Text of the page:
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It’s been one year since my husband Bob and I lost our home and community in the Carr Fire. July 26, 2019 was the day when a small road-side fire that had started several days earlier near the Carr Power House traveled miles to sweep into the small town of Shasta and destroy more than 500 homes before moving on to the communities of Keswick, Igo and Redding.
We were notified of the evacuation by a sheriff’s car that drove up and down Swasey Drive blaring out the unbelievable news from a bull horn. My husband and I stayed 12 hours after this evacuation notice because there was no evidence that we were in danger.
The planes and helicopters that had been flying over our house for days to fight the fire in the Whiskeytown park stopped flying that day. I’ve learned recently that the air attack focused on areas closer to Redding. The air quality in my area was not bad. We never saw a fire truck or fire fighter in our area. The calm voice on the radio claimed that the fire was being held at Iron Mountain road which was north and east of us. We lived a mile from a Cal Fire Station, and probably a 10-minute flight from the Forest Service tanker base at the Redding Airport. I had recently visited the tanker base and photographed a couple of the planes and borate containers. I knew that a “Save” poster would be posted on our property. Or, my gosh, on the properties around me with swimming pools and two-story homes.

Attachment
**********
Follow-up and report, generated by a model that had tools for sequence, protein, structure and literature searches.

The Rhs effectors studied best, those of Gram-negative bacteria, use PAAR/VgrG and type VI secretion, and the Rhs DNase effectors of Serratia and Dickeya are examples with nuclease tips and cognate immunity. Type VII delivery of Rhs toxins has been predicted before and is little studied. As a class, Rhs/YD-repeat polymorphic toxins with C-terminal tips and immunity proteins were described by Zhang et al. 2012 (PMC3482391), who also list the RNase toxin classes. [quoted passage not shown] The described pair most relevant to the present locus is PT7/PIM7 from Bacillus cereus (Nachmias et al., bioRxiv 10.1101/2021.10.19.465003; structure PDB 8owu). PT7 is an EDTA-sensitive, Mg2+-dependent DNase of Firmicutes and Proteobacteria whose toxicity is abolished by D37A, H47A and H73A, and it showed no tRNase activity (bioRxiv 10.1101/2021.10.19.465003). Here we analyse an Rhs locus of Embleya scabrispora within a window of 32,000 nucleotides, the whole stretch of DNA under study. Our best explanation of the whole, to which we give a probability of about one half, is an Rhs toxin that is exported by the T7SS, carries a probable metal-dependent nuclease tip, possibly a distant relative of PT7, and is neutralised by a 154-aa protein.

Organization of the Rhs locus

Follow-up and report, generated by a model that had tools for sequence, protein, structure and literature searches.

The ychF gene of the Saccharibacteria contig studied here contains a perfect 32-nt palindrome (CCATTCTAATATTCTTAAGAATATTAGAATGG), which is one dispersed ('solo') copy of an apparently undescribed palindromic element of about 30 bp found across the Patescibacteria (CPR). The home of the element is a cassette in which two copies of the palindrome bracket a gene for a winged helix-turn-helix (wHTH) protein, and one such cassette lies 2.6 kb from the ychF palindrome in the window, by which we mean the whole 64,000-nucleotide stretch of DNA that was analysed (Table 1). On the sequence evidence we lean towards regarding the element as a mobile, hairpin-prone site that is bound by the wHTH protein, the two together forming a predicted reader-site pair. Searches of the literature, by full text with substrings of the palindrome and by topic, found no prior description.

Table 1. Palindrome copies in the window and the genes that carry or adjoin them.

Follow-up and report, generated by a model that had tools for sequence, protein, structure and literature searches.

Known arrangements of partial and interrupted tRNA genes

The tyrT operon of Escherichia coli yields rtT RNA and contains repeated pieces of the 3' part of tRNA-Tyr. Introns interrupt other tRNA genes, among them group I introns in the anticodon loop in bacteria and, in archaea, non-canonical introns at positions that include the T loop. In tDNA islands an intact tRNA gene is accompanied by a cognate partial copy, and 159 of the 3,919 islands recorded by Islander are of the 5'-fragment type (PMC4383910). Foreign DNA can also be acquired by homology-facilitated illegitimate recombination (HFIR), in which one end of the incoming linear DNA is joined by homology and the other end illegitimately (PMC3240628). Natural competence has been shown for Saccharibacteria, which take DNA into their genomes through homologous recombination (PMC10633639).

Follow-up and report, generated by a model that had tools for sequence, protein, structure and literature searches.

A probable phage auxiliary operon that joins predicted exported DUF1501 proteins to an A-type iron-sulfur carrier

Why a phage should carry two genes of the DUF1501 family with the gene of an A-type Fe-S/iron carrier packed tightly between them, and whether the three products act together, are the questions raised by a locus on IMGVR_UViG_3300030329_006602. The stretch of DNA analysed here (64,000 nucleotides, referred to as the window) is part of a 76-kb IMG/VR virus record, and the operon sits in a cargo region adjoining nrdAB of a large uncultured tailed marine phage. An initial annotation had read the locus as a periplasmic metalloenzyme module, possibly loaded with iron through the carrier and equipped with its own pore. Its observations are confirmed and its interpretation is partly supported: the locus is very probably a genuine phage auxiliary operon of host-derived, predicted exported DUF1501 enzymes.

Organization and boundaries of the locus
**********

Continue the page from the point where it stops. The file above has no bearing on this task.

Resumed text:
We left our home in the afternoon when a pillar of smoke and fire moved directly toward our home and we could hear the roar of the fire and the blasts of propane tanks exploding.
We were were lucky that we had time to pack two vehicles with most of our musical instruments and items from our “to go” list. It was several days before we learned that we had lost our home.
We stayed at friends’ homes for several days and and received a call with an offer for the use of an old ranch house in the Mt. Gate area. We became renter/caretakers of this wonderful old home that is filled with family belongings and furniture from several generations of a family that settled here around 1900. There are fruit trees, olive trees, huge oak and walnut trees, a few grape vines and a seasonal creek on the property. Bob spent hours this spring mowing and cutting weeds to make this place fire safe. We water trees and plants during the dry months. The house is part of family corporation and will stay in the family into the future.